Either abolish or reduce VAT on theatre tickets. Reinstate the regional repertory system so that young actors can get proper experience. And make Lottery money for artists as much as architecture. I don’t care if we actors don’t get the extra money – let the writers have it so they’re encouraged to write more for theatre. But what do I know?

If you could swap places with one person (living or dead) for a day, who would it be?
Alfred Brendel so I could sit down and play Beethoven until it came out of my ears.

Favourite holiday destinations
I’ve had maybe three holidays in the last 35 years. Let’s say Criccieth in north Wales. There’s a shop there that sells the best ice cream in the world. They only do vanilla but it’s worth driving 250 miles for.

Favourite after-show haunts
If I’m in the West End, I get into my car and drive home as fast as I possibly can after a show. I don’t like London very much. And in the West End, I don’t like that, because the theatre bars are all shut afterwards, you never really get to meet your audience. Outside of London, everyone meets in the bar – it’s quite nice to know what audiences actually think.

If you hadn’t become an actor, what would you have done professionally?
Can I say three things as possibilities? I would have liked to have run a village post office in the heart of the countryside – I know those people have to get up at 4.00am but it’s still a rural idyll for me. Or I would have liked to play cricket for England. Or I would have liked to have been a professional singer in a small consort, maybe six to eight people. I’m not religious but I love church music.

Why did you want to accept the role of Dogberry in this particular production of Much Ado About Nothing?
Partly I did it simply because Peter Hall asked me to. I’d never worked with him before but he wrote to me and offered me the part after seeing me in A Funny Thing, which of course was directed by his son, Edward. Who doesn’t want to work with Peter Hall? Or at least try to? It also adds to my little list of Shakespearean clowns. I’ve done Bottom (A Midsummer Night’s Dream, Pompey (Measure for Measure), Touchstone (As You Like It) and now I’ll do Dogberry. Many years ago, Matthew Warchus offered me the same part in a production of Much Ado that Thelma Holt put on at the Queen’s with Janet McTeer and Mark Rylance. It was a wonderful production, which stupidly I turned down. This is my second chance.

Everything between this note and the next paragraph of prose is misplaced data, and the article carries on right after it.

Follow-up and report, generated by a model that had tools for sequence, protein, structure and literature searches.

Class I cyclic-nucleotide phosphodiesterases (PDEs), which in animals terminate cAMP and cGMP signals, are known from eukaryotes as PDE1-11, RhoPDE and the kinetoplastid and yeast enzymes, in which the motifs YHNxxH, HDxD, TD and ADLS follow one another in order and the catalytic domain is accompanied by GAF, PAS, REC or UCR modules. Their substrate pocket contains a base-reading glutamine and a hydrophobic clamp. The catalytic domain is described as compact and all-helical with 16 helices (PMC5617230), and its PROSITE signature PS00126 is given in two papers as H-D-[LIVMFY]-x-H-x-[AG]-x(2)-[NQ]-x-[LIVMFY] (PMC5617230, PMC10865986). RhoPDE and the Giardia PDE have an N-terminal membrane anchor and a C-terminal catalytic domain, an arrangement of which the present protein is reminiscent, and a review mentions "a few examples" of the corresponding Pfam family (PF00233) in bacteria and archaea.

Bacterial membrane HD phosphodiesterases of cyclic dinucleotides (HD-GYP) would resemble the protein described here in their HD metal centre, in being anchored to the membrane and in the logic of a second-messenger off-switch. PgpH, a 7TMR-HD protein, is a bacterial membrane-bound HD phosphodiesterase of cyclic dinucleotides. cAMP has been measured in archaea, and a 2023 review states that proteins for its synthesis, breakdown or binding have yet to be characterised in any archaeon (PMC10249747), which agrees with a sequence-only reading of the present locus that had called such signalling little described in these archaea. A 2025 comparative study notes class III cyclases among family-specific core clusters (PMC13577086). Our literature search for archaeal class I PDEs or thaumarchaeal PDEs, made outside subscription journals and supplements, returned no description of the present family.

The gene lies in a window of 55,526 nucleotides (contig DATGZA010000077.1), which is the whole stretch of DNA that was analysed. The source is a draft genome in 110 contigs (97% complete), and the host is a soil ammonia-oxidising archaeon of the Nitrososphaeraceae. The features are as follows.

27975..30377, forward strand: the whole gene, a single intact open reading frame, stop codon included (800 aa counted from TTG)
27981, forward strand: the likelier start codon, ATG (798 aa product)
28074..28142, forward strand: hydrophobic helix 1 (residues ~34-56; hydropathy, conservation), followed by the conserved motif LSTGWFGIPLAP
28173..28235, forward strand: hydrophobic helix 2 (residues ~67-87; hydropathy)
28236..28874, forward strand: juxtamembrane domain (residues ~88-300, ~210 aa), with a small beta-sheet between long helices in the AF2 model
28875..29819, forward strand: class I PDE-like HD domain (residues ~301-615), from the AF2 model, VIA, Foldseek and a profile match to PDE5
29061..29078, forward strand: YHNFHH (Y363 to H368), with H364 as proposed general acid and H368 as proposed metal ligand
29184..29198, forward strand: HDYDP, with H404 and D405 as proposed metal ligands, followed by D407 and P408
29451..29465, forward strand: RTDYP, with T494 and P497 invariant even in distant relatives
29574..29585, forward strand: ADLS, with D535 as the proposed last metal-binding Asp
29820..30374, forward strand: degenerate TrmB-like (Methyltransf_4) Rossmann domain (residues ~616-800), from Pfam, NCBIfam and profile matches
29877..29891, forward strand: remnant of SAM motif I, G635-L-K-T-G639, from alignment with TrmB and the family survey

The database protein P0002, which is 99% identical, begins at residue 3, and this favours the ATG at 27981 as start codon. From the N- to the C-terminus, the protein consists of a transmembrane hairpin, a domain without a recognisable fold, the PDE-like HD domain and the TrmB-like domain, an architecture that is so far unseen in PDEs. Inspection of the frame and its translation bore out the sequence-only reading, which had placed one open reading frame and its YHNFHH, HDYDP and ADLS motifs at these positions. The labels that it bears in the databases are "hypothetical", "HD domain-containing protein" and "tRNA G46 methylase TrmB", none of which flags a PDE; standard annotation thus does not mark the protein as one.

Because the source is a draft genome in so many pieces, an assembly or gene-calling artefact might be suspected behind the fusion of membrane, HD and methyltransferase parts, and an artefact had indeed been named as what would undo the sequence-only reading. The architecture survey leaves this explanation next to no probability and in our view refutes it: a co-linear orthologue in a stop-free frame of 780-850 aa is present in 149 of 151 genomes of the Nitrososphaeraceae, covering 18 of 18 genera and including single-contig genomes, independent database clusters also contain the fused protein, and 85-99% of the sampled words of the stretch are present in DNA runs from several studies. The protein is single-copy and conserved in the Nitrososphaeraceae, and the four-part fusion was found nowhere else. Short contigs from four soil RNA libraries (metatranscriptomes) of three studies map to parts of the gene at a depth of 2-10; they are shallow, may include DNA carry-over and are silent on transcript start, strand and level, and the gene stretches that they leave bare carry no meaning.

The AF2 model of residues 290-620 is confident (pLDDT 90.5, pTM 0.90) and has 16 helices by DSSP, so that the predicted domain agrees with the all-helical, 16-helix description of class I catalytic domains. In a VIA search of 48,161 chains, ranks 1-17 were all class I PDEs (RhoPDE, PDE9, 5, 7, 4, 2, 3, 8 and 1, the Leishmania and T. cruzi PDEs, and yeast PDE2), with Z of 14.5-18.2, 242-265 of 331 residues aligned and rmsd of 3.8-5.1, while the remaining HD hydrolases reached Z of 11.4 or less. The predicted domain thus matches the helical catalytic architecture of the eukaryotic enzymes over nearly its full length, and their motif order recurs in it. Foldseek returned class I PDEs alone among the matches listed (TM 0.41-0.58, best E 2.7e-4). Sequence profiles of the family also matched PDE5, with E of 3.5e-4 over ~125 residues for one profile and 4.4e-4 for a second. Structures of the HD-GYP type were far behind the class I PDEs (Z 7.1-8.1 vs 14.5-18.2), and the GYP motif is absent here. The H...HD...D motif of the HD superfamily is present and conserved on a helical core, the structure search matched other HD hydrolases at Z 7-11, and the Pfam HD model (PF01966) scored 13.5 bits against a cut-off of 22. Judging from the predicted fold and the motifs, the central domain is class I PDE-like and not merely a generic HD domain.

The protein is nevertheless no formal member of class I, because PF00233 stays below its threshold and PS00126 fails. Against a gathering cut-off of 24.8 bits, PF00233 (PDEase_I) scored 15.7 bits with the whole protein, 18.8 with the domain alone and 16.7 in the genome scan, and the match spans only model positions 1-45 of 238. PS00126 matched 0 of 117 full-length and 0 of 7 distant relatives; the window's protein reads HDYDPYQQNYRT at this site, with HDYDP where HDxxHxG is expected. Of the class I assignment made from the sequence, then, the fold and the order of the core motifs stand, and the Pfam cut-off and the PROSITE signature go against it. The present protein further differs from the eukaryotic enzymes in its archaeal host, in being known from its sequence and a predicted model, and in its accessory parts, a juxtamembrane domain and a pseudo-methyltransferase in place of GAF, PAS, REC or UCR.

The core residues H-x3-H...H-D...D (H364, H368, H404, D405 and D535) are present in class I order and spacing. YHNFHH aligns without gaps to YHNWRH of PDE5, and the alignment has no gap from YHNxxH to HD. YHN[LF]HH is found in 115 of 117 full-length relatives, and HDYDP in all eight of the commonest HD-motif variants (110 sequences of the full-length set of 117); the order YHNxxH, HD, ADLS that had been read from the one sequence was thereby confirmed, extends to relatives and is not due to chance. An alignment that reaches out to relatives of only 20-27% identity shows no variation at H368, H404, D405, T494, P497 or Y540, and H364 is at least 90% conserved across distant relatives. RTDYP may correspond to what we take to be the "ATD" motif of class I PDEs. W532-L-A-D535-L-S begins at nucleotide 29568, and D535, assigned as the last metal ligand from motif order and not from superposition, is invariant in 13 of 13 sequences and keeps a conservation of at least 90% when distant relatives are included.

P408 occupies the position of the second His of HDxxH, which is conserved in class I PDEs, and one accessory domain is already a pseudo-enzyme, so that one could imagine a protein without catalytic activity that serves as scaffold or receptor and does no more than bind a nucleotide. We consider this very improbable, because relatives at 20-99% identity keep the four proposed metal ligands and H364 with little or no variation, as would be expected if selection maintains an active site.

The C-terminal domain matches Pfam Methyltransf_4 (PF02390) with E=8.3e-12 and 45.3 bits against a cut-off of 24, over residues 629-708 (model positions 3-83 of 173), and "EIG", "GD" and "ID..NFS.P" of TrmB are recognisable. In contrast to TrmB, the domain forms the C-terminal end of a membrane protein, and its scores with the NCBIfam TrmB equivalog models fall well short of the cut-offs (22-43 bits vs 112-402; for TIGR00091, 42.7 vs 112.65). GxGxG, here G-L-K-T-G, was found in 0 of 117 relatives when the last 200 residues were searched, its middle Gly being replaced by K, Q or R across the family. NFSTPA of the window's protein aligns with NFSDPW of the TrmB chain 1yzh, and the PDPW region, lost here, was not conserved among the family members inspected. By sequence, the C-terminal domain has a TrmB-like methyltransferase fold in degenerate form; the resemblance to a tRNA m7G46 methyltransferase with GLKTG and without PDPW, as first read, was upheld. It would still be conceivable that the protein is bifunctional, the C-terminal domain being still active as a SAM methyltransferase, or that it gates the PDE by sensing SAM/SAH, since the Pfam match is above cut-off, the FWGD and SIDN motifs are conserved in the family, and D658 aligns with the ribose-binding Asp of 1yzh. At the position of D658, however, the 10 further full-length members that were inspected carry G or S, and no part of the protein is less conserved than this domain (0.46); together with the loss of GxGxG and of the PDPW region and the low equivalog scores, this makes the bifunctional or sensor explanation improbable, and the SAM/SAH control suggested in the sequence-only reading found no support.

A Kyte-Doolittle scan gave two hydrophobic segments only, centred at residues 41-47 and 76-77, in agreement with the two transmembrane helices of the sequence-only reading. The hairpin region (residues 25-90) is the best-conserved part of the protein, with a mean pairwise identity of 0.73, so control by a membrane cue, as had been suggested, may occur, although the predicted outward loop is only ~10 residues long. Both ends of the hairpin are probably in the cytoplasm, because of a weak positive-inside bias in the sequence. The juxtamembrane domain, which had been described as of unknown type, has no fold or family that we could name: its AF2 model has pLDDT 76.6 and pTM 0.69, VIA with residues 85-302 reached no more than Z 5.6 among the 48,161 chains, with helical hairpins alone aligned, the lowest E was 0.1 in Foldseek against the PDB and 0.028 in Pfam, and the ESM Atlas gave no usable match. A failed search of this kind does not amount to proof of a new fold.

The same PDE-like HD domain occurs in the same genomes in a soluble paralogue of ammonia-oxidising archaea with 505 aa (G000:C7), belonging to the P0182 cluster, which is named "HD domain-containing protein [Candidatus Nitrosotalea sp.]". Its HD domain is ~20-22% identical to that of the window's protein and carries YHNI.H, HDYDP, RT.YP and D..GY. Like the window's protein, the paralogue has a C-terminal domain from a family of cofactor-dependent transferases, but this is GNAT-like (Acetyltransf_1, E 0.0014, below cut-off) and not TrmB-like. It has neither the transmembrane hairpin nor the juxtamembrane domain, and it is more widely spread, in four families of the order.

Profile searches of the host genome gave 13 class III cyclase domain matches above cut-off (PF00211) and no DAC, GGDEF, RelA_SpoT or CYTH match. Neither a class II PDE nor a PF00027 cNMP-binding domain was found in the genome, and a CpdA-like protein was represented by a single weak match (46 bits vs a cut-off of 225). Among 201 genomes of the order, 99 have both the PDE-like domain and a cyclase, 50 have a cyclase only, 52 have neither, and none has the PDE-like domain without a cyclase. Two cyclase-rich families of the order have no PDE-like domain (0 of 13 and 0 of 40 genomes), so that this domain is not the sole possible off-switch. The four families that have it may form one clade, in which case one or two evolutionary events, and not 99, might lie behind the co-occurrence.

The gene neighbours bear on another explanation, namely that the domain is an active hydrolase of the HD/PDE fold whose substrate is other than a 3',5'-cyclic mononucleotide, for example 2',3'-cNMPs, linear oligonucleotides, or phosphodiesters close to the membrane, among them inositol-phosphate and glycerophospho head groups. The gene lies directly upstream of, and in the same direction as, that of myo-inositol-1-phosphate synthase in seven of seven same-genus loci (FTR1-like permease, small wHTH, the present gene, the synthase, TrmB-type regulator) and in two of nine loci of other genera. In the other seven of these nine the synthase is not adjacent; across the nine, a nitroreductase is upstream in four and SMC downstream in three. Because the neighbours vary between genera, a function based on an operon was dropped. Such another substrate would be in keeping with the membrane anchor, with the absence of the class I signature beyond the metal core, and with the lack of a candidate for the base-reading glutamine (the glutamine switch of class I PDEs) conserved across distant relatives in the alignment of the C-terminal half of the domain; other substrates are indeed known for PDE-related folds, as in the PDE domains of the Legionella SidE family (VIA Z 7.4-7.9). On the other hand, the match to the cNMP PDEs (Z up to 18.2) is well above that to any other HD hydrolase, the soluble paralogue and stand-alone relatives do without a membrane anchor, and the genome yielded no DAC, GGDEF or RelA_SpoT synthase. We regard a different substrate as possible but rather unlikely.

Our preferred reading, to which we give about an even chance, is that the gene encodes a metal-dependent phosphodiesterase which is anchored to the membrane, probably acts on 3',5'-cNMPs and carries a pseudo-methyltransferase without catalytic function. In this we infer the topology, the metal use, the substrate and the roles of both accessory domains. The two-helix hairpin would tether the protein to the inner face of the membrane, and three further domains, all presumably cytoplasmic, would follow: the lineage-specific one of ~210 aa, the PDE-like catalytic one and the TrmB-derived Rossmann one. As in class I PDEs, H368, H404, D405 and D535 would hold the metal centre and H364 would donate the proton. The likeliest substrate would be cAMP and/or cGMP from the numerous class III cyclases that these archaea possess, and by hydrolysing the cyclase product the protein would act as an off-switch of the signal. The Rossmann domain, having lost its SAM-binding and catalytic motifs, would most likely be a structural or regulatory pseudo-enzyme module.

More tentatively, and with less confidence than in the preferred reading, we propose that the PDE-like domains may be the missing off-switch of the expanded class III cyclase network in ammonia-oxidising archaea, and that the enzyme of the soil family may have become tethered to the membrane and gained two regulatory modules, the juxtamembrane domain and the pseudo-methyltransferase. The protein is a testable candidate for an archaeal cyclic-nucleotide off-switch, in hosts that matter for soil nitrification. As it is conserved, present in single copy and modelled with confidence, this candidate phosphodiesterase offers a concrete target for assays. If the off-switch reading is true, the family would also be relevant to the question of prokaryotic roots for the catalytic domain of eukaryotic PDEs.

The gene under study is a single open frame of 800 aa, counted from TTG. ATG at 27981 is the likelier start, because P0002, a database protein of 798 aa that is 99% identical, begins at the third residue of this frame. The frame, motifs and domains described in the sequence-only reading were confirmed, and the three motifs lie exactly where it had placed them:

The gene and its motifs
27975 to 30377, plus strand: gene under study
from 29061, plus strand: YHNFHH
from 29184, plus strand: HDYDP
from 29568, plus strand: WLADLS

Do you have a favourite Shakespeare play?
The ones I know best are the ones I’ve been in. Of those, I’d say Romeo and Juliet. I don’t have any deep insights into these plays. I’m just an actor who does them as well as I can. Although in fact, my Benvolio (in Romeo and Juliet) was absolutely horrible.

What are your plans for the future?
I’m in Bath until August. After that, I’ve got a new play I’ve been working on with my actor friends Brian Protheroe and Ian Bartholomew. During the war, Ian’s father was in the RAF and he had a singing group called Three Boys and a Guitar which went around the camps in the Far East. He kept a diary of his experiences, which David Cregan is adapting for us as a three-hander. We’ll get to sing in close harmony – we’re already preparing a CD of songs from the era like “Don’t Sit Under the Apple Tree (With Anyone Else But Me)”. Brian will be on the guitar, playing his dad. He and I first met on my second-ever theatre job at the Theatre Royal Lincoln and we’ve been singing in a barbershop quartet together ever since. It’s called The Gay Blades. Martin Duncan (joint artistic director of Chichester Festival Theatre) is also in. It’s great to be able to sing.

Much Ado About Nothing runs in repertory from 29 June to 6 August 2005. The rest of the Peter Hall season at the Theatre Royal Bath comprises Noel Coward’s Private Lives, George Bernard Shaw’s You Never Can Tell and Hall’s 50th anniversary production of Samuel Beckett’s Waiting for Godot (See News, 15 Apr 2005).